SWS checks in on the storm water & erosion control industry
“Overall, I believe the industry has grown and is getting stronger.”
Diane Smith, president of East Coast Erosion Control, summarized the overall state of the industry. While Smith’s expertise is in erosion and sediment control, the sentiment applies to storm water, as well. Industry professionals surveyed in the annual SWS State of the Industry survey rated 2018 as a better business year than 2017, and they expect to rate 2019 even higher. The industry’s growth and positive change has left its professionals optimistic, but it does not come without challenges.
Extreme weather events are occurring more frequently and in quicker succession. Many industry professionals lament and express concern about climate change. Others, like Smith, view it through a business lens, explaining that climate change simultaneously creates a need for erosion control and make it harder to obtain the raw resources needed to combat erosion. This conclusion can be drawn for much of the industry, as well, and illuminates its greater disparities.
The Next Generation
The majority of the storm water and erosion control industry—70%, according to the 2018 SWS State of the Industry survey—is age 50 and older. Within the next decade, the industry will see many knowledgeable, seasoned professionals exit. Some industry leaders like Smith are optimistic about young professionals entering the workforce, but she may be in the minority. Many industry professionals report concern about not just filling open positions as staff retire, but also filling them with qualified individuals.
“Most of those folks are probably baby-boomer age, and I think in the next 10 years, there’s going to be a pretty big wave of people moving out of this industry and a lot of industries, so we’re going to have a knowledge gap at some point if we don’t get some more talent into the pool,” said Derek Berg, storm water regulatory manager, east, for Contech Engineered Solutions, and president of the Stormwater Equipment Manufacturers Assn.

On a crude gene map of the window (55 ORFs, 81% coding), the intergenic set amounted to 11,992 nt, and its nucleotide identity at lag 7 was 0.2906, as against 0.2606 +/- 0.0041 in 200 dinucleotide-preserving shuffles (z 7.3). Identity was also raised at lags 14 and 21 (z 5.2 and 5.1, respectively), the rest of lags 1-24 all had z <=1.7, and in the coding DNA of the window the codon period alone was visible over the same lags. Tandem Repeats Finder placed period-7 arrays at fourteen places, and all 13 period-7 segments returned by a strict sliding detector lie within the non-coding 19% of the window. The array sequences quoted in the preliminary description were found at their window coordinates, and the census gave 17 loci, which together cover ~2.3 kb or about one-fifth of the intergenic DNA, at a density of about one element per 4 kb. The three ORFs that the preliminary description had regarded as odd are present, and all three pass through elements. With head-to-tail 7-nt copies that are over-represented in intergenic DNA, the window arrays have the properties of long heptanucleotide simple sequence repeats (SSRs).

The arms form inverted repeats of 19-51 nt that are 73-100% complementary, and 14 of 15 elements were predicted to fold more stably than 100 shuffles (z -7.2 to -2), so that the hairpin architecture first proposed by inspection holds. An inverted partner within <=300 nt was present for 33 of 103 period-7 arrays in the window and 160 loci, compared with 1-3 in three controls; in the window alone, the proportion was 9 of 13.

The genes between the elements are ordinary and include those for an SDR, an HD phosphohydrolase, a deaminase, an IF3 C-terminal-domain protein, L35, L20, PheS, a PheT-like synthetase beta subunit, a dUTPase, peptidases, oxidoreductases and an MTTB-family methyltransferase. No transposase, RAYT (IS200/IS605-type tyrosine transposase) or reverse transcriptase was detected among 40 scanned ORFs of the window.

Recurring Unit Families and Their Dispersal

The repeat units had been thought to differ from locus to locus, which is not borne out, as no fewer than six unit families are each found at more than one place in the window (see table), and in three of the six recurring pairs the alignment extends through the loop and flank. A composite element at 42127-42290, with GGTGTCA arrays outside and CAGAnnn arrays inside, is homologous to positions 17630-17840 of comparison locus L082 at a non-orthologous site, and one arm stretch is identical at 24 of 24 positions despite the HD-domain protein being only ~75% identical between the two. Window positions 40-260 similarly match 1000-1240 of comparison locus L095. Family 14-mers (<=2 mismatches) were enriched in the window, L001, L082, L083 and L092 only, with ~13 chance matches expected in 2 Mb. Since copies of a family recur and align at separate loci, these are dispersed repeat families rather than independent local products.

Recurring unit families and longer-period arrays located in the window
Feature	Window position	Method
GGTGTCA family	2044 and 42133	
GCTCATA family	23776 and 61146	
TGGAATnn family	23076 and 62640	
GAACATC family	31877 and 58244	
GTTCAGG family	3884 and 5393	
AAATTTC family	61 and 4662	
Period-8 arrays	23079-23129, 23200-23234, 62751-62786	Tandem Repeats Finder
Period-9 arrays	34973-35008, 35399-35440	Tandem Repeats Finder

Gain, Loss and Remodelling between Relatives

More diverse and plentiful education, particularly about job opportunities in storm water and erosion and sediment control, will close this gap. However, education must be targeted to young people before they enter the workforce. Few universities offer courses focused on storm water and erosion control in engineering, and the industry as a whole is little known to those outside it. In addition, as the next generation joins the industry, seasoned professionals have the responsibility to correctly train it to avoid challenges down the road.
The young professionals that are entering the industry, however, show a level of “enthusiasm and passion” that is very promising, Smith said.
“It really does take trying to find the right type of person for this job,” said Dave Mercier, water quality department manager for Michael Baker Intl. If the industry can target the young people most excited and suited for it, its positive trajectory will grow.
Progress & Potential Setbacks
Education in storm water and erosion control extends past educating young people. Even seasoned professionals are seeking out new technology, techniques and resources. Seventy-eight percent of respondents said they use webinars for continuing education, and 65% turn to websites. Free, easily accessible education drives more professionals to learn and grow with their careers.
In particular, Andrew Sidor, project manager for Michael Baker Intl., noted that he has seen more contractors on construction sites receive certifications so they can better maintain sediment control best management practices on their sites.
“We’re seeing that shift where people are trying to take it a little bit further” he said.
Certain practices are gaining momentum in storm water, as well. Two words are popping up everywhere: green infrastructure. More professionals are learning about its benefits, and it is being installed in a higher volume across the country, often right alongside grey infrastructure. More research and education on these practices drives more policy change, which then leads to their implementation.
“Some of the early adopters that have very rigid policy that almost rode out other types of practices are starting to acknowledge that there often needs to be a blended approach in urban areas, where we’re seeing green and grey combined due to site constraints,” Berg said.
Despite a drive for education and action on the professional side, funding cuts have made it difficult to execute certain plans. Though the industry always has experienced funding challenges of some sort, major cuts in 2018 will have a resounding impact, particularly on smaller local programs that rely on it. We may not see the effects for years-after it is too late.
“I don’t think we realize the full impact of some of the funding cuts that have taken place on local programs,” Berg said.
Ultimately, the storm water and erosion control industry is evolving before our eyes; staffing, education and funding are powerful catalysts. The next several pages include data on industry issues and trends as told by the 112 respondents to the 2018 SWS State of the Industry survey.
View the full State of the Industry 2018 report here.